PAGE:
Applied measurement uncertainty and knowledge embedding
The GUM (Guide to the expression of measurement uncertainty) is a standard for statistical methods used for obtaining a quantifiable statement of the uncertainty of a measurement. The GUM method utilizes the central limit theorem, to statistically combine all the contributing factors of a measurement in a t-distribution, used to express where the true value is within a confidence interval. It is only through a statement of uncertainty that traceability can be achieved as stated in the ISO standard 17025:2017. On an industrial research project, this method has been implemented on instruments measuring metal packaging for food and beverages. This facilitated understanding the performance of the measurement under different conditions, with varying environmental factors and measurement tasks. Furthermore, this method gave a better indication of design considerations that should be targeted to improve the performance of the measurement. The approach has been applied on some instruments with geometric features measured and is controlled with a tolerance ranging from +/-0.003mm to +/-0.300mm. The uncertainty approach created a better understanding of the error propagation and allowed for an accepted and internationally recognized quantification of the performance of the measurements, giving better confidence in the results. In addition, a significant part of the project was dedicated to embedding knowledge of measurement uncertainty within the engineering team at Sencon and creating a software tool to help create an uncertainty budget for new or changed designs.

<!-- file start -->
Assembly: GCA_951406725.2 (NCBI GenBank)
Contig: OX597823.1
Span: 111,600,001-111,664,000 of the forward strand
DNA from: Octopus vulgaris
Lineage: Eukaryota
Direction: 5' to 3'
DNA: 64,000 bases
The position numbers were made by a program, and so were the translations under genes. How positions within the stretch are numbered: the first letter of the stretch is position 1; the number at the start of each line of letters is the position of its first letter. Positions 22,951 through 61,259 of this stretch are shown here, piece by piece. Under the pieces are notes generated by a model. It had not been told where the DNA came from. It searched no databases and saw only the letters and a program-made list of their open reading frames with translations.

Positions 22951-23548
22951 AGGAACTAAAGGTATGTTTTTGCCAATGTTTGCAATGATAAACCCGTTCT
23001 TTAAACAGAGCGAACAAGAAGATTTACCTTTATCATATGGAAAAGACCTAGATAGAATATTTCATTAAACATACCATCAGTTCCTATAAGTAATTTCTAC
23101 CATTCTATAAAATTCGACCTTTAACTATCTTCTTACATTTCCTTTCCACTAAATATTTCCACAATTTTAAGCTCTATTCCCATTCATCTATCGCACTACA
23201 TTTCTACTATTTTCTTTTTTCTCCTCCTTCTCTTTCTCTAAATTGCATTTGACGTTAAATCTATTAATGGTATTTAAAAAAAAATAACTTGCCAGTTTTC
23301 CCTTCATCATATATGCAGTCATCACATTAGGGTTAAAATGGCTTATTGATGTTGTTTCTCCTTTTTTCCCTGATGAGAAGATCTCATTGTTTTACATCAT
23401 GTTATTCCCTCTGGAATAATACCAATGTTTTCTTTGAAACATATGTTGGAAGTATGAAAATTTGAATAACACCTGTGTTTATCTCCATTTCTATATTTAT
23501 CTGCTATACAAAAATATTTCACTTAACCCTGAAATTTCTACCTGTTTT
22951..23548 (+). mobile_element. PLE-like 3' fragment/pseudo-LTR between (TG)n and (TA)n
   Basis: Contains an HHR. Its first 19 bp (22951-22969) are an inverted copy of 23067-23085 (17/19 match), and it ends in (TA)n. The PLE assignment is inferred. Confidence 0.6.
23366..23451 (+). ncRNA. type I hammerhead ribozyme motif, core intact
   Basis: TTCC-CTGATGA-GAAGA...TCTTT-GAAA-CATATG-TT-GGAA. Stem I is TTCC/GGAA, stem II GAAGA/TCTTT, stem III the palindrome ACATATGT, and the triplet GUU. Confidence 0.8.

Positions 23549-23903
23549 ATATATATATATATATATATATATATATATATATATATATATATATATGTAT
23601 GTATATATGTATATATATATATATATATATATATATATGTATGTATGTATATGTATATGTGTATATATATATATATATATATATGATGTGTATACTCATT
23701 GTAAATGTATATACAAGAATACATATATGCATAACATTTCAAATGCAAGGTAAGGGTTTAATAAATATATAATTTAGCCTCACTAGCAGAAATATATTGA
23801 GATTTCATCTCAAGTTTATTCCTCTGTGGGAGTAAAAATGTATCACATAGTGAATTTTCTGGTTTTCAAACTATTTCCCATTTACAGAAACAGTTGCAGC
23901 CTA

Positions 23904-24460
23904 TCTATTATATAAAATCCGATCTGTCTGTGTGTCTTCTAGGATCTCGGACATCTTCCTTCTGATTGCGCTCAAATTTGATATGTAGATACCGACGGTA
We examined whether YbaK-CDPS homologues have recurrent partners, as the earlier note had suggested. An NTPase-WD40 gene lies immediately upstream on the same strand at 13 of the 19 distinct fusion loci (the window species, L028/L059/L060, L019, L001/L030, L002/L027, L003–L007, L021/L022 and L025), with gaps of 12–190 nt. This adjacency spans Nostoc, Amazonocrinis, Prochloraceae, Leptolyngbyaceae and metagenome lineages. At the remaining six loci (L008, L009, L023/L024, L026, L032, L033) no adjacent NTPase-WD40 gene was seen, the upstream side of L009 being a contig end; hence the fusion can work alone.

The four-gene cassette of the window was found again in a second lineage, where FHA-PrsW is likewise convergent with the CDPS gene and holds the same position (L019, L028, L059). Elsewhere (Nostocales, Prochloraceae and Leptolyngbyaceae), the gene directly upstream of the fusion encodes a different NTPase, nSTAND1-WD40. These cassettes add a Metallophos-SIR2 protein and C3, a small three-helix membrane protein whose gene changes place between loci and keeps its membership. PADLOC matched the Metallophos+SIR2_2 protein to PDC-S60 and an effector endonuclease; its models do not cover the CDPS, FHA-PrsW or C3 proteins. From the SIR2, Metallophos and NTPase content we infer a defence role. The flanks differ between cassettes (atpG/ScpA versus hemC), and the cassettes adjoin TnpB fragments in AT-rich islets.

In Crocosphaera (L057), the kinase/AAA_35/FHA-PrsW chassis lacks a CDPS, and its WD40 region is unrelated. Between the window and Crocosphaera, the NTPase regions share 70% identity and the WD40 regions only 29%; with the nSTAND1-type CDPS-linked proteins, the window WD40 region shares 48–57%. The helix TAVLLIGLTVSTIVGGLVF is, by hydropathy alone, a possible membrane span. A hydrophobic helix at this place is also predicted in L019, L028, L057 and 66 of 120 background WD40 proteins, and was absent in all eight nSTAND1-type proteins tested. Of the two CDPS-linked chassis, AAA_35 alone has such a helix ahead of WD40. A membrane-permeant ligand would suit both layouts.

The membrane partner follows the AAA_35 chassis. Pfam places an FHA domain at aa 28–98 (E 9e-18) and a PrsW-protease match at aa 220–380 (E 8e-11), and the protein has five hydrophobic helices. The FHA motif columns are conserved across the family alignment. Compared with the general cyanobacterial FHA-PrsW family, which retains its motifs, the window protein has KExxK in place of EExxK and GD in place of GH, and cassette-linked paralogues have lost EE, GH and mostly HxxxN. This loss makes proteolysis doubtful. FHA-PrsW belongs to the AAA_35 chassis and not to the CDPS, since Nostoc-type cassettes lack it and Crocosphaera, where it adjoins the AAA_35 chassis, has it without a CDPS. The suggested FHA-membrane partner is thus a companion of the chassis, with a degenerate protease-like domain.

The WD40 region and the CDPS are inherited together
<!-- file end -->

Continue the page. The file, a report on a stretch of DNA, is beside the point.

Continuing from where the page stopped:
Ahmed Khafaga is a KTP associate with experience in dimensional metrology and measurement uncertainty. He is currently leading a Knowledge Transfer Partnership project funded by Innovate UK. The partnership is between Coventry University and the Sencon UK Ltd, the latter is a manufacturer of gauging systems for the food and beverage metal packaging industry, and the project’s goal is to create a methodology for quantifying measurement uncertainty across the product range. Ahmed has graduated from Southampton University with a Master’s degree in Mechatronics engineering in 2017 and has obtained his Bachelor’s degree in Electrical and Electronics Engineering from the University of Sussex in 2016.